I'm creating a headless API that's going to drive an Angular front end. I'm having a bit of trouble figuring out how I should handle user authentication though.

Obviously the API should run over SSL, but the question that's coming up is how should I send the request that contains the user's password: over GET or POST. It's a RESTFUL API, so what I'm doing is retrieving information meaning it should get a GET request. But sending the password over get means it's part of the URI, right? I know even a GET request is encrypted over HTTPS, but is that still the correct way? Or is this a case to break from RESTFUL and have the data in the body or something (can a GET request have data in the body?).

3 Answers 3


If you pass the credentials in a request header, you will be fine with either a GET or POST request. You have the option of using the established Authorization header with your choice of authentication scheme, or you can create custom headers that are specific to your API.

When using header fields as a means of communicating credentials, you do not need to fear the credentials being written to the access log as headers are not included in that log. Using header fields also conforms to REST standards, and should actually be utilized to communicate any meta-data relevant to the resource request/response. Such meta-data can include, but is not limited to, information like: collection size, pagination details, or locations of related resources.

In summary, always use header fields as a means of authentication/authorization.

  • Interesting. I do use the Authorization header when passing my JWT, as expected, but I didn't realize it was standard to use it for initial authentication as well.
    – Rohit
    Commented Jul 27, 2017 at 15:19

mostly GET request will bind data in URL itself... so it is more redable than POST.. so if it is GET, there is a possibility to alive HISTORY LOG

Using ?user=myUsername&pass=MyPasswort is exactly like using a GET based form and, while the Referer issue can be contained, the problems regarding logs and history remain.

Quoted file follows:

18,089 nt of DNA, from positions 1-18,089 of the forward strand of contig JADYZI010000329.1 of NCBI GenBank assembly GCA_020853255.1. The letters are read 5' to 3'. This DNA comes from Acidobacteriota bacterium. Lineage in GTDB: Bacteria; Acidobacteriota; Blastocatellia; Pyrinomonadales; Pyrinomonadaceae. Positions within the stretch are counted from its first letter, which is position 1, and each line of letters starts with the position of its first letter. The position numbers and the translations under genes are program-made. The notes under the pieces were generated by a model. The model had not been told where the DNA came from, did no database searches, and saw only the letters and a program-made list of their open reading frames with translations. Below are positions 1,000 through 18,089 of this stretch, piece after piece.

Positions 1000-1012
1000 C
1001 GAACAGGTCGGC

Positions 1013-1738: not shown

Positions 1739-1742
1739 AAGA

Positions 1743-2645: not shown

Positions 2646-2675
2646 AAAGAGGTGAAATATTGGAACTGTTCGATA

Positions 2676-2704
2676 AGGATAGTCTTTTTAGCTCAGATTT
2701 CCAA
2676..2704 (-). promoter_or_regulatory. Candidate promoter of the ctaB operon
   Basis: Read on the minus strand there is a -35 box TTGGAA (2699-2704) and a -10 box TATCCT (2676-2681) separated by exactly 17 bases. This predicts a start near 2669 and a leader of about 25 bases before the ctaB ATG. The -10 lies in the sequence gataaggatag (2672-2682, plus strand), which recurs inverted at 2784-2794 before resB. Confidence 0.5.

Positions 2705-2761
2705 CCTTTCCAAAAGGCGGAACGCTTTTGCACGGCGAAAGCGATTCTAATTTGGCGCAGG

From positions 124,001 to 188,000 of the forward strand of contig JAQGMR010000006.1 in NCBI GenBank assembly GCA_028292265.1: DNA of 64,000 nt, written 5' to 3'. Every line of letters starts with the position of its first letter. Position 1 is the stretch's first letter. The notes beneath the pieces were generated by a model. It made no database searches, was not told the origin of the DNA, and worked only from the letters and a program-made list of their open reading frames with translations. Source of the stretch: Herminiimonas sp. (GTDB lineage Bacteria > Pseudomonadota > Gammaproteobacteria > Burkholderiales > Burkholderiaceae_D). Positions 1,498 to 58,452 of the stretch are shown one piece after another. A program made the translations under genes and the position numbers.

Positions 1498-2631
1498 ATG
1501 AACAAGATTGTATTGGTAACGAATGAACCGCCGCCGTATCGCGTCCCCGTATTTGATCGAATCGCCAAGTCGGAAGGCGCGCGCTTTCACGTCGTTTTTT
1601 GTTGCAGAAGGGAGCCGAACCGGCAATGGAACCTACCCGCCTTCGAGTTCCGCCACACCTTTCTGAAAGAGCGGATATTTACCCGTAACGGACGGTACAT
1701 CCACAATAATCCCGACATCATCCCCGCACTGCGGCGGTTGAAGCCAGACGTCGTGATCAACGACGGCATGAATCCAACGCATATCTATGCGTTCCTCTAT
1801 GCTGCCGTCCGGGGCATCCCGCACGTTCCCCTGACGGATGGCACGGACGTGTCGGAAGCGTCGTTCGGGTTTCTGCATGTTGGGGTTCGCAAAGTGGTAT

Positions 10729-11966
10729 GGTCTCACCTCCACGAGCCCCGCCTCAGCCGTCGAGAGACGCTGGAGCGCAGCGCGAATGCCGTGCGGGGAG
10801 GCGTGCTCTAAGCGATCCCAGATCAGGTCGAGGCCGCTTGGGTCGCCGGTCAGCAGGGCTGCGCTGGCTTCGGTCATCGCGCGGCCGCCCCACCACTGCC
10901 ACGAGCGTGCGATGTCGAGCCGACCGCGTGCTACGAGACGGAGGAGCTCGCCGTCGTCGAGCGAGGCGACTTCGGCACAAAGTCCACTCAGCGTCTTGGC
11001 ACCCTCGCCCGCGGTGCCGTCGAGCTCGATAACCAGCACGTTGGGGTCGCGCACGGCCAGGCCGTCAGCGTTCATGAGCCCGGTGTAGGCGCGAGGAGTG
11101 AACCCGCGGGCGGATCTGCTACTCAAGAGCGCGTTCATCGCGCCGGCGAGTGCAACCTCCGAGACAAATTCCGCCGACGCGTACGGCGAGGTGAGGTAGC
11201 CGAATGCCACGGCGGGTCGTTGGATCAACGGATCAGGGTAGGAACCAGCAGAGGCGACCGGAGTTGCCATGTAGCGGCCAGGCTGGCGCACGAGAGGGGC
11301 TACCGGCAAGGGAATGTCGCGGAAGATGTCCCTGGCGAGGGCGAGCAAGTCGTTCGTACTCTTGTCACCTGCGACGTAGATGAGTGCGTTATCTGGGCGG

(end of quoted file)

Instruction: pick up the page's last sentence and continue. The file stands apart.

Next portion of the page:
Sending any kind of sensitive data over GET is dangerous, even if it is HTTPS. These data might end up in log files at the server and will be included in the Referer header in links to or includes from other sides. They will also be saved in the history of the browser so an attacker might try to guess and verify the original contents of the link with an attack against the history.

  • Is data saved by the browser even if it's a GET request over AJAX?
    – Rohit
    Commented Jul 27, 2017 at 13:51
  • 1
    Sending sensitive data in the URL of a GET request is dangerous, yes, but only because the URL is logged on the server as you stated. However, sending sensitive data in a header field of a GET request is fine, so long as your are communicating over HTTPS. Commented Jul 27, 2017 at 15:00
  • Telling someone that doing something is bad is useless information without providing an alternative. Commented May 9 at 21:07

You could send a data body with a get request too but this isn't supported by all libraries I guess.

Better to use POST or request headers. Look at other APIs and how they are handling it.

But you could still use GET with basic authentication like here: http://restcookbook.com/Basics/loggingin/

  • So better to break REST in this case?
    – Rohit
    Commented Jul 27, 2017 at 13:53
  • 1
    I updated my answer. I think it doesn't matter too much. And i don't feel like you would break REST in this case. It is kind of a gray area :) but you could use basic authentification though
    – lumio
    Commented Jul 27, 2017 at 13:56
  • POST is not necessarily better. It will depend upon the action being taken against a resource. Commented Jul 27, 2017 at 14:58
  • Right. I think the way to go would be with basic auth or some sort of API token sent via http header
    – lumio
    Commented Jul 27, 2017 at 18:41

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